Source:

Jachs M, et al. Abstract OP092. Presented at: UEG Week; Oct. 3-5, 2021 (virtual meeting).

Disclosures: Jachs reports no relevant financial disclosures.
October 14, 2021
1 min read
Save

Heightened screening could yield higher active hepatitis D diagnoses

Source:

Jachs M, et al. Abstract OP092. Presented at: UEG Week; Oct. 3-5, 2021 (virtual meeting).

Disclosures: Jachs reports no relevant financial disclosures.
You've successfully added to your alerts. You will receive an email when new content is published.

Click Here to Manage Email Alerts

We were unable to process your request. Please try again later. If you continue to have this issue please contact customerservice@slackinc.com.

Assessing hepatitis D virus patients for viremia, as well as expanded screening for HDV antibodies in hepatitis B virus patients, may help further identify active HDV cases, according to a presentation at UEG Week Virtual.

“Our study nicely showed that the number of confirmed HDV cases in Austria is low, but potentially underestimated due to a lack of testing for anti-HDV antibodies in HBV patients and also a lack of testing for viremia in HDV positive patients,” said Mathias Jachs, MD, of the division of gastroenterology and hepatology at the Medical University of Vienna. “Therefore, we argue that testing all HBV patients for anti-HDV antibodies will increase the diagnostic yield.”

Among the patients in the active Austrian hepatitis D virus cohort: 50% were found to have advanced chronic liver disease. Patients who were determined to have advanced chronic liver disease at baseline were also found to be at highest risk of developing further complications.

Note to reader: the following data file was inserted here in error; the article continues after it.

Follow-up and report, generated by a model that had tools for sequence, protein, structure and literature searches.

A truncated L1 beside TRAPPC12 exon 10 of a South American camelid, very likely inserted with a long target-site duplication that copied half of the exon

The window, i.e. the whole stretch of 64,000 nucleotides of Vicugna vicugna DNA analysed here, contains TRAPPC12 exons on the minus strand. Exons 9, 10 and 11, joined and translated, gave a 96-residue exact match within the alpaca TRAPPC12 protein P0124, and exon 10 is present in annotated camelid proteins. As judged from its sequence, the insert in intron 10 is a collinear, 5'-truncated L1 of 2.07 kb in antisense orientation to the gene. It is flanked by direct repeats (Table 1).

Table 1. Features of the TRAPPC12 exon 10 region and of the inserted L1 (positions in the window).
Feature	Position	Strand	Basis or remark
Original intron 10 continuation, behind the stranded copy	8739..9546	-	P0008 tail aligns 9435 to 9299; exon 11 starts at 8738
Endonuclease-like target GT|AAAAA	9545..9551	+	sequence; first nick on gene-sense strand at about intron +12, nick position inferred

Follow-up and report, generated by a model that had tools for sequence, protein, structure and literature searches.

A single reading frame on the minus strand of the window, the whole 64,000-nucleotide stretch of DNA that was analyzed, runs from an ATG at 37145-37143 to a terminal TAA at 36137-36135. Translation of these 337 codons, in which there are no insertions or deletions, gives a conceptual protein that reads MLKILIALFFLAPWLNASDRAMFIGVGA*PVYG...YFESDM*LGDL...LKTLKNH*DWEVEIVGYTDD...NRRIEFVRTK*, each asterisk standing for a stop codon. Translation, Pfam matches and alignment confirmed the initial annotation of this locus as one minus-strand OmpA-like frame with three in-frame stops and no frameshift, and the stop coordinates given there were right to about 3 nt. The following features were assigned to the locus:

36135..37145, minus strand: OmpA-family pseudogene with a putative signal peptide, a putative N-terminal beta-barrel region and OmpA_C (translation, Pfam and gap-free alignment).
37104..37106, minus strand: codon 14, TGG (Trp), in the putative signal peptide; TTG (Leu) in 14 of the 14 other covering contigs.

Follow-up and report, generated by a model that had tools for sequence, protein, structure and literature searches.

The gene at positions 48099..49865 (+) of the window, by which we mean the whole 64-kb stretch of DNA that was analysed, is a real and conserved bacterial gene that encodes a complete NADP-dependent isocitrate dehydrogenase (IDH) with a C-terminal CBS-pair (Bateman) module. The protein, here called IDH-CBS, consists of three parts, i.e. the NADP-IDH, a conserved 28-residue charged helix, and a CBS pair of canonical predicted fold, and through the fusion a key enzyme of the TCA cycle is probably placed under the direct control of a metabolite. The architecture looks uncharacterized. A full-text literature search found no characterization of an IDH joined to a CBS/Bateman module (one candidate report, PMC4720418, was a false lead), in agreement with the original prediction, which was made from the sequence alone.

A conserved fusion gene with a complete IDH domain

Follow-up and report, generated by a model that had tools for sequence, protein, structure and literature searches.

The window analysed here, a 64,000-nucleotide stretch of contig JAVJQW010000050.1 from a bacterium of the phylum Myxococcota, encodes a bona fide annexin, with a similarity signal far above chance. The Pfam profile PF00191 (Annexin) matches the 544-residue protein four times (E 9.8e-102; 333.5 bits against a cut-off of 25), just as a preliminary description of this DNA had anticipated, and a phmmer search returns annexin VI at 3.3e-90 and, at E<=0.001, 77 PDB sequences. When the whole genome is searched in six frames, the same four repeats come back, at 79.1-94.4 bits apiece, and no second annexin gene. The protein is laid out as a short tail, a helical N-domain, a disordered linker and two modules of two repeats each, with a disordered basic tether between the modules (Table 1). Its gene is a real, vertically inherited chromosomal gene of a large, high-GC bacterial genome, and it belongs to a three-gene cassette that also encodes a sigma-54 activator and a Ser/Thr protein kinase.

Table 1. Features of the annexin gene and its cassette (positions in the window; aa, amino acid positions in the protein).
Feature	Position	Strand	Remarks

In a retrospective multicenter study involving 10 specialized Austrian hepatitis treatment centers, researchers attempted to determine the national prevalence of HDV as well as define the active HDV cohort in Austria. The study included all patients who tested positive for anti-HDV antibodies between the years 2010 to 2020, and out of the 347 patients who tested positive, 145 (41.8%) were never tested for viremia. Of the 202 patients that underwent HDV-RNA-PCR testing, 126 (62.4%) of these patients were found to be viremic.

“Patients that actually were identified to be viremic ... had a prevalence of advanced chronic liver disease, or cirrhosis, of more than 50%. So, one out of two were actually in an already advanced stage of chronic liver disease. Some of those patients were lost to follow up, but we also saw a high rate of clinical events: that is 11 liver related deaths, seven patients that had to undergo liver transplantation, seven patients that were diagnosed with hepatocellular carcinoma in our study. In the end, 74 patients were included in the active Austrian HDV cohort,” Jachs said.

Of the 74 patients (median age, 46 years; 52.7% men) included in the active HDV cohort, 50% were found to have advanced chronic liver disease. Patients who were determined to have advanced chronic liver disease at baseline were also found to be at highest risk of developing further complications.

“We need to identify all HDV patients and link them to care and hopefully treatment in the future,” Jachs said. “Improved HDV testing and workup strategies will facilitate access to the new antiviral therapies on the horizon.”